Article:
Award-winning Janesville teacher brings a heritage of agriculture to her classroom

Samantha Hendrickson
Wisconsin State Farmer
Carmen DeKok (center) was awarded Wisconsin Farm Bureau’s Ag in the Classroom program’s Outstanding Teacher of the Year Award by Rock County Ag in the Classroom Committee members Sheila Everhart (left) and Stacy Skemp (right).

Walking into Carmen DeKok's Roosevelt Elementary School classroom in Janesville, you'll see little touches of Wisconsin agriculture in every corner.

Amid fourth-grade students hard at work, there are posters the class has made studying things like corn, oats and soybeans. Books highlighting Wisconsin maple syrup and cranberry farms line the shelves. They hone their research skills studying livestock and animals native to Wisconsin, and write essays on different aspects of Wisconsin agriculture. 

"It's just always something I've included in their education," DeKok said. 

In recognition for her efforts to teach kids about the world of agriculture around them, Dekok recently received the Wisconsin Farm Bureau’s Ag in the Classroom program’s Outstanding Teacher Award. 

The over 35-year veteran teacher is honored, and is now being put forth as the Wisconsin nominee for the National Excellence in Teaching Agriculture Award.

Sheila Everhart, former Ag In the Classroom coordinator, said she couldn't think of someone more deserving.

"She is kind compassionate and caring," Everhart said. "She innovates and adjusts her curriculum so that she meets the needs of her students wherever they're at."

In recognition for her efforts to teach kids about the world of agriculture around them, Dekok recently received the Wisconsin Farm Bureau’s Ag in the Classroom program’s Outstanding Teacher Award.

Bringing heritage into her classroom

The product of Wisconsin dairy farmers, DeKok grew up loving farm life. She especially loved the pigs kept on her grandparents' farm in Mindoro, Wis., marveling at how cute and smart they were. 

"It was wonderful ," Dekok said. "Because we lived in a ranch home right next to my grandparents who had a big farmhouse. My cousins would come and stay during the summer with Grandpa and Grandma and we'd all pitch in."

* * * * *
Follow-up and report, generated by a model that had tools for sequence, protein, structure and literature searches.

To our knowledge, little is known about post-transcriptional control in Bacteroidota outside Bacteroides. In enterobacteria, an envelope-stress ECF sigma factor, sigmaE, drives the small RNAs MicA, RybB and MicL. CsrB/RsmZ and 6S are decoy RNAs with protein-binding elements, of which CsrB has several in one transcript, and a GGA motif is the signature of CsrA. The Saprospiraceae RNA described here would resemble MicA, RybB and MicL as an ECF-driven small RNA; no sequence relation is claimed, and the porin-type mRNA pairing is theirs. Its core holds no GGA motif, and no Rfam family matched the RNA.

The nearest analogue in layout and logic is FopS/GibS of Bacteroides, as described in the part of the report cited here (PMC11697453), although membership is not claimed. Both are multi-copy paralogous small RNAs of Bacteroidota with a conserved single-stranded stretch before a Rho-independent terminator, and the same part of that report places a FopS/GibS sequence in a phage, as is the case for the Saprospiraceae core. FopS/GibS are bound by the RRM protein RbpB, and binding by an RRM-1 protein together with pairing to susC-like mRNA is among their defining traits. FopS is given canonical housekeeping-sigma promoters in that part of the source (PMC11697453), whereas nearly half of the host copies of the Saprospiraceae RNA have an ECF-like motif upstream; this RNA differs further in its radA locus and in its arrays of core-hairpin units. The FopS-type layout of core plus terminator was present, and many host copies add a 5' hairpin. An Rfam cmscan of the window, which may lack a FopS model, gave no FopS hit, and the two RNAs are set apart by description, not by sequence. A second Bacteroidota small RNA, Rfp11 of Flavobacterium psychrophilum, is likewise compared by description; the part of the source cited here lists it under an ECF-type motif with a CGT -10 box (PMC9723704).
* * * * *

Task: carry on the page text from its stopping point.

She was the first of her family to attend college. Her husband, also a teacher, taught science at Beloit Memorial High School for 33 years.

DeKok earned her Bachelor of Science degree in elementary education from Winona State University, and returned to Wisconsin to earn her master’s degree from University of Wisconsin-Whitewater. 

She then taught fifth and sixth grade at Harrison Elementary School in Janesville for 21 years before moving to Roosevelt Elementary in 2008. Despite a couple of moves, she always kept agriculture as a part of her curriculum.

Former principal of Harrison Elementary School, Wayne Flury, hired DeKok for her first teaching job. As a longtime farmer, he saw immediate value in DeKok's desire to bring agriculture into the classroom. 

"All of agriculture is what it produces and sustains life," Flury said. "And I guess she was trying to get a basis there for her kids to know where their food comes from." 

The kids, DeKok said, loved hearing stories about her life on a farm —and that hasn't changed through her long teaching career. 

"I still remember my first year of teaching... the kids loved [agriculture]," Dekok said. "I felt like they needed to know my life, and a big part of Wisconsin history and heritage is farmers."

Why agriculture?

Dekok has taken her many classes all over southeast Wisconsin.

They've floated cranberries, made lip balm out of soy oil and tapped maple syrup from trees. They've visited all kinds of livestock and crop farms, climbed on John Deere tractors and some students won essay contests with works based on their experiences. 

DeKok's students have also learned about the supply chain, and how, as Flury put it, that "their hamburgers don't grow at KwikTrip." 

"Carmen has, over the years, worked with me very closely to ensure that our students in Rock County become better consumers, who possibly will be future farmers," Everhart said. 

DeKok said she also hopes her students learn about how multifaceted the field of agriculture is — it's not just growing crops or milking cows, but you can code for farm technology or you can write about agriculture for a living, among many other career options.

"Most of all, I want to show [the students] that hard work pays off," DeKok said. "Farmers have an incredible work ethic... You're gonna get out of life, what you put into it."

Samantha Hendrickson can be reached at 414-223-5383 or shendrickson@jrn.com. Follow her on Twitter at @samanthajhendr.